California Legislature Extends Cap-and-Trade, Codifies Low Carbon Fuel Standard

The California legislature has voted to extend the state’s cap-and-trade program by 10 years to 2030 while also codifying the Low Carbon Fuel Standard (LCFS) into law.

In what was expected to be a close vote, the California State Senate and Assembly each passed the cap-and-trade extension package (A.B.398 and A.B.617) by the two-thirds and simple majority votes necessary on Monday evening.

“The passage of the cap-and-trade extension package is a win for the RNG industry and the production of low-carbon biofuels in California,” says Nina Kapoor, manager of legislative and regulatory affairs for the Coalition for Renewable Natural Gas (RNG Coalition).

“In addition to extending cap-and-trade, state law will now also recognize low-carbon transportation alternatives for purposes of allocating future Greenhouse Gas Reduction Funds (GGRF) from related auction revenues – funds that are needed to realize increased in-state development, deployment and utilization of RNG,” she says.

A.B.398 (introduced by Assemblymember Eduardo Garcia), and its companion bill A.B.617, will not only extend the ability for California to continue using cap-and-trade to reduce greenhouse-gas emissions 40% below 1990 levels by the year 2030, but also codify the LCFS and identify low- and zero-carbon transportation alternatives and short-lived climate pollutants, such as methane, in a list of funding priorities for auction revenues.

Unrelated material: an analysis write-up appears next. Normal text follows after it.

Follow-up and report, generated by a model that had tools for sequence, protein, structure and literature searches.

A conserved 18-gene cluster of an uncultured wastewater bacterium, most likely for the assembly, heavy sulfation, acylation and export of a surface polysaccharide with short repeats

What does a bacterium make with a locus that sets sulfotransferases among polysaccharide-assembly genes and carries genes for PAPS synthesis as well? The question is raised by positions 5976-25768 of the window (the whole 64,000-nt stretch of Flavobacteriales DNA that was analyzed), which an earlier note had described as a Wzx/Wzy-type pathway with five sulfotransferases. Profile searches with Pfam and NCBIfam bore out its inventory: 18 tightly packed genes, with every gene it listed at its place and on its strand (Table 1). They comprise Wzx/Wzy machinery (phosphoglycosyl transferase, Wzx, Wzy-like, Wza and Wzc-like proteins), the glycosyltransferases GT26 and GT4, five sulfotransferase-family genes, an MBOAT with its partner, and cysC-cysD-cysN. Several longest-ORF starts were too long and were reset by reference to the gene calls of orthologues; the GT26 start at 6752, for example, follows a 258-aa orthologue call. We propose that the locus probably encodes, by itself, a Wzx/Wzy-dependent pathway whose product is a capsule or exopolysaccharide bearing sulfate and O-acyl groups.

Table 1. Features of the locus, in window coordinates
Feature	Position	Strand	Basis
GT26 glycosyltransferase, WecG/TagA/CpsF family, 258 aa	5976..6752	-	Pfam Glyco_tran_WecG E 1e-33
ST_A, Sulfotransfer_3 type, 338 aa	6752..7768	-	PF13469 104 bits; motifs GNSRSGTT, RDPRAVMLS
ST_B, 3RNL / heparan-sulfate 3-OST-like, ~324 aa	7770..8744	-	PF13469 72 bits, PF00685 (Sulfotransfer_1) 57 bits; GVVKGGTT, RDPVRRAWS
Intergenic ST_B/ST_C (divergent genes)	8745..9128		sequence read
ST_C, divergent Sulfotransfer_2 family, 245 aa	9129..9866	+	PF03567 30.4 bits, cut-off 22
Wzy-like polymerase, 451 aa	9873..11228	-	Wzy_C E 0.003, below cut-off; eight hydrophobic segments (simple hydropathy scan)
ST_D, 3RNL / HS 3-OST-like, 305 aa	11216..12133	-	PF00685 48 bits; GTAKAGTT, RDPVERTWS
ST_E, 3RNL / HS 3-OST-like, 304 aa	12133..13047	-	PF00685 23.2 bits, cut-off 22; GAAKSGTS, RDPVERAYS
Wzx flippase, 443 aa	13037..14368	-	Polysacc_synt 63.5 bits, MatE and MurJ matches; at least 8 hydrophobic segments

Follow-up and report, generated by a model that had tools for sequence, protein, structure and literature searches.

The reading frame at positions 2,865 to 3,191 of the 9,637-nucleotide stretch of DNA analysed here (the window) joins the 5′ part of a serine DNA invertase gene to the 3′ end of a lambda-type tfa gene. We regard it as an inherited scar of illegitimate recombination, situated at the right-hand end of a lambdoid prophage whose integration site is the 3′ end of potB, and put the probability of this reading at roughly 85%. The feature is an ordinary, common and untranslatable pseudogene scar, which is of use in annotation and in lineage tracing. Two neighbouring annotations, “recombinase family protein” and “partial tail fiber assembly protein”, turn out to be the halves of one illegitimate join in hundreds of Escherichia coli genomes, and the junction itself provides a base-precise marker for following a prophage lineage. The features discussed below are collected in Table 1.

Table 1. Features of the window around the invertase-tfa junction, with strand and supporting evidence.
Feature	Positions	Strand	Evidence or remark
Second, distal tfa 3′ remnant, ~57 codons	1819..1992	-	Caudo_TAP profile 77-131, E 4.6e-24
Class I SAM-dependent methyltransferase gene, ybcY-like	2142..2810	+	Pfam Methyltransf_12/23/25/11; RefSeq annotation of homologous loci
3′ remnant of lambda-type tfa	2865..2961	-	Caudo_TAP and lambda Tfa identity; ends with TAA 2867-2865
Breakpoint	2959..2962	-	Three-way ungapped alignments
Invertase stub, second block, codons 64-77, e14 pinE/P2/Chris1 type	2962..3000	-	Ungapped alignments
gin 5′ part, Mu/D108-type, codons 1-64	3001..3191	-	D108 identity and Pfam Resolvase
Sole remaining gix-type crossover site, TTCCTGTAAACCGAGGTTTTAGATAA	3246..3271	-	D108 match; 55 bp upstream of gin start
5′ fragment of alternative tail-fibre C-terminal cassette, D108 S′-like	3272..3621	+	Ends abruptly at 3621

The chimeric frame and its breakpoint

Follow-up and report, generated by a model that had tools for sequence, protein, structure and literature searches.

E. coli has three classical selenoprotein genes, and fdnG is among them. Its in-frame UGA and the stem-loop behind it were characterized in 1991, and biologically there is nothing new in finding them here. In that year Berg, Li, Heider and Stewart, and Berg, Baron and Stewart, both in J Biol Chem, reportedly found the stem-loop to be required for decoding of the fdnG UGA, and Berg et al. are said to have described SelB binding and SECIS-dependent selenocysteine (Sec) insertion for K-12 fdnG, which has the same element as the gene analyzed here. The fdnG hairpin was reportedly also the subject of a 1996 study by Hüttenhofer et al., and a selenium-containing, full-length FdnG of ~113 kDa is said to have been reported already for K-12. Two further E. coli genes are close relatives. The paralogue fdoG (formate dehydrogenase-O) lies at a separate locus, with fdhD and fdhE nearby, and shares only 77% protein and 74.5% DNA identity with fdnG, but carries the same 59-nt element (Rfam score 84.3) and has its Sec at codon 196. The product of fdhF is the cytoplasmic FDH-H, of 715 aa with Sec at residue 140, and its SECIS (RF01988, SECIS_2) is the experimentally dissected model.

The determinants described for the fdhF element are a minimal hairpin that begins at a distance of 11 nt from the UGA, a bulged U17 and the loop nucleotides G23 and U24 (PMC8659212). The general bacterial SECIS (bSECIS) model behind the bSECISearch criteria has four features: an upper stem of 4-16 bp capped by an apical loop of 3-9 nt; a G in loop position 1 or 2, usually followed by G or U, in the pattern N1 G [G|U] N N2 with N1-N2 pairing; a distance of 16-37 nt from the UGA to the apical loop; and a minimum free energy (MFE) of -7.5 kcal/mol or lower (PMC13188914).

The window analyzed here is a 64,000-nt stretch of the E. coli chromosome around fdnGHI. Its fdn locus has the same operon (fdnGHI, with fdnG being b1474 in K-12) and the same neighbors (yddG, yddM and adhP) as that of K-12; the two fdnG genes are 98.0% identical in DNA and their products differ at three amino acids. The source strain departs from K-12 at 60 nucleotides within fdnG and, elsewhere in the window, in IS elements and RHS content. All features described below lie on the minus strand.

“We would like to thank Assemblymember Eduardo Garcia for his leadership. The explicit identification in his bill of low- and zero-carbon transportation alternatives and short-lived climate pollutants as funding priorities for GGRF auction revenues is critical in terms of realizing full production potential of RNG and other biofuels in-state,” adds Johannes Escudero, CEO of the RNG Coalition. “The codification of the LCFS program into state law will provide additional market certainty that the industry needs to continue developing RNG for transportation fuel use both in California and across the country.”

Historically, the Low Carbon Transportation Fund has provided no money for in-state biofuels production, and cap-and-trade-related GGRF has focused very little on the reduction of toxic air contaminants and short-lived climate pollutants outside of methane from the dairy sector.

Proponents of the package were able to overcome significant political challenges to achieve two-thirds votes from members in both the State Senate and the Assembly. In the end, seven Republicans voted for and three Democrats voted against. The RNG Coalition says its advocacy efforts late into the evening were instrumental in delivering at least six key votes in support of the package, including those from both parties.

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